A look at what's being taught at U.T.'s Sex Week

By  | 

KNOXVILLE, Tenn. (WVLT) Sex Week has been blasted by lawmakers as a misuse of money, and it's caused a black eye for U.T.

With classes like 'Afternoon Delight' and a drag show in the student union, what is actually being taught during the week at these classes?

Knoxville Pastor Darryll Rasnake held an open discussion Thursday afternoon called Longterm Intimacy: Commitment & Sex. The point of the discussion was to get the kids comfortable enough to ask questions about sex, especially how it relates to the church.

"I think we are so fascinated with sex that we can't get to the big issues," Rasnake explained to the class. "Like how we treat each other, how we love each other, about how we care for each other in our world."

Students asked questions ranging from same-sex marriages to sex before marriage.

Rasnake said he believes the church has done a poor job of accepting the gay community, but is encouraged by the generation in college now, because it doesn't seem to be a big issue for them.

Students who participated in the discussion said they came away feeling like they learned something, and it was a great setting to learn in.

"I just think it's informative," UT junior McKenzie Martin said. "It's teaching people things you don't really want to talk about with your parents, or you don't really feel comfortable walking about with your friends. It's a safe place to come and learn about things, and not feel embarrassed to ask questions."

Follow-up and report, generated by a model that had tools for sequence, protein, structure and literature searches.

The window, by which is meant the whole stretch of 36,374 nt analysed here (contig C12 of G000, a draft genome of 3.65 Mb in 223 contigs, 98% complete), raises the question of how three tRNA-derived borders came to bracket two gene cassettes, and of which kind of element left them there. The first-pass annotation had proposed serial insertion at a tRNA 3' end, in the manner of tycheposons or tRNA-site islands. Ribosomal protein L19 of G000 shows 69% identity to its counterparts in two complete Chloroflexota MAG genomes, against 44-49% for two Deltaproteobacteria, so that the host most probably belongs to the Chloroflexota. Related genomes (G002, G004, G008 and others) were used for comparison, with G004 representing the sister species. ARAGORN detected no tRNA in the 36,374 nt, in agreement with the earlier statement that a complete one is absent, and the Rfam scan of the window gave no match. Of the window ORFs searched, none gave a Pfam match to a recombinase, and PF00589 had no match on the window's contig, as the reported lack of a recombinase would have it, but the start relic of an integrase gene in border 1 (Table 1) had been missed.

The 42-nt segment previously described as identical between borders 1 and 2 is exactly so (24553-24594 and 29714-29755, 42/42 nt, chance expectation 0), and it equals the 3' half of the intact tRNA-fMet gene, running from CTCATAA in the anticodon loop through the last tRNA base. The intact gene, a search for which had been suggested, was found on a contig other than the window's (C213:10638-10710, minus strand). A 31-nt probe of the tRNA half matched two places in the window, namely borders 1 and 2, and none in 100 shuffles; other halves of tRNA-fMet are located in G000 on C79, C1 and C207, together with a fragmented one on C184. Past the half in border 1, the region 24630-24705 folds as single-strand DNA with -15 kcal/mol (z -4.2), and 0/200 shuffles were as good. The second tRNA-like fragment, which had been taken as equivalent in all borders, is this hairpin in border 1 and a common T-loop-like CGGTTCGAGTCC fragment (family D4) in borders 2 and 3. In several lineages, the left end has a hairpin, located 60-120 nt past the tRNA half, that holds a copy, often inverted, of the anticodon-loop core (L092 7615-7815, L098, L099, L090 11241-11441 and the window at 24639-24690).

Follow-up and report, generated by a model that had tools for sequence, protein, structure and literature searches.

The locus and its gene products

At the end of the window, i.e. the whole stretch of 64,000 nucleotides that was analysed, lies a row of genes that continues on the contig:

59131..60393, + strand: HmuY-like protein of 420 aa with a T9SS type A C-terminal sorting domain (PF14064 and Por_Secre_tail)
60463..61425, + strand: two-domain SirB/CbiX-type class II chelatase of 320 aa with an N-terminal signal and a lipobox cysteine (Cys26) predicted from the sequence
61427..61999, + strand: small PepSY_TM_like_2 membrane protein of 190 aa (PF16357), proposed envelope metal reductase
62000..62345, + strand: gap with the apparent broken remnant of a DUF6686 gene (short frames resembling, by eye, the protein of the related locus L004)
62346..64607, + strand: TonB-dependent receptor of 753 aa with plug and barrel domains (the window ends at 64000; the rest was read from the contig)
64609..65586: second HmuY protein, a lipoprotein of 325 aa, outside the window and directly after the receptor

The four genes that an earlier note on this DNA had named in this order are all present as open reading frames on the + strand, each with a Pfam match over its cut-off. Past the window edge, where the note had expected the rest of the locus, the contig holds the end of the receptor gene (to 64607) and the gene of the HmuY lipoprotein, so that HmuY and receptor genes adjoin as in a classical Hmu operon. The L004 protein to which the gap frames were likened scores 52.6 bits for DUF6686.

But the university has been blasted for doing something as controversial as Sex Week, the state has even refused funding to the school because of it.

State Senator Stacey Campfield has voiced his opposition to it because student fees are being paid to cover the speakers.

"People who disagree with that shouldn't be forced to pay for it," Campfield said.

But in the end, speakers like Rasnake say it's all about the education and getting kids to talk about what they've always been taught is taboo.

"If it helps us have a better conversation about human sexuality, and if I can help have a better conversation about human sexuality and relationship to faith, then that is something I want to do," Rasnake said.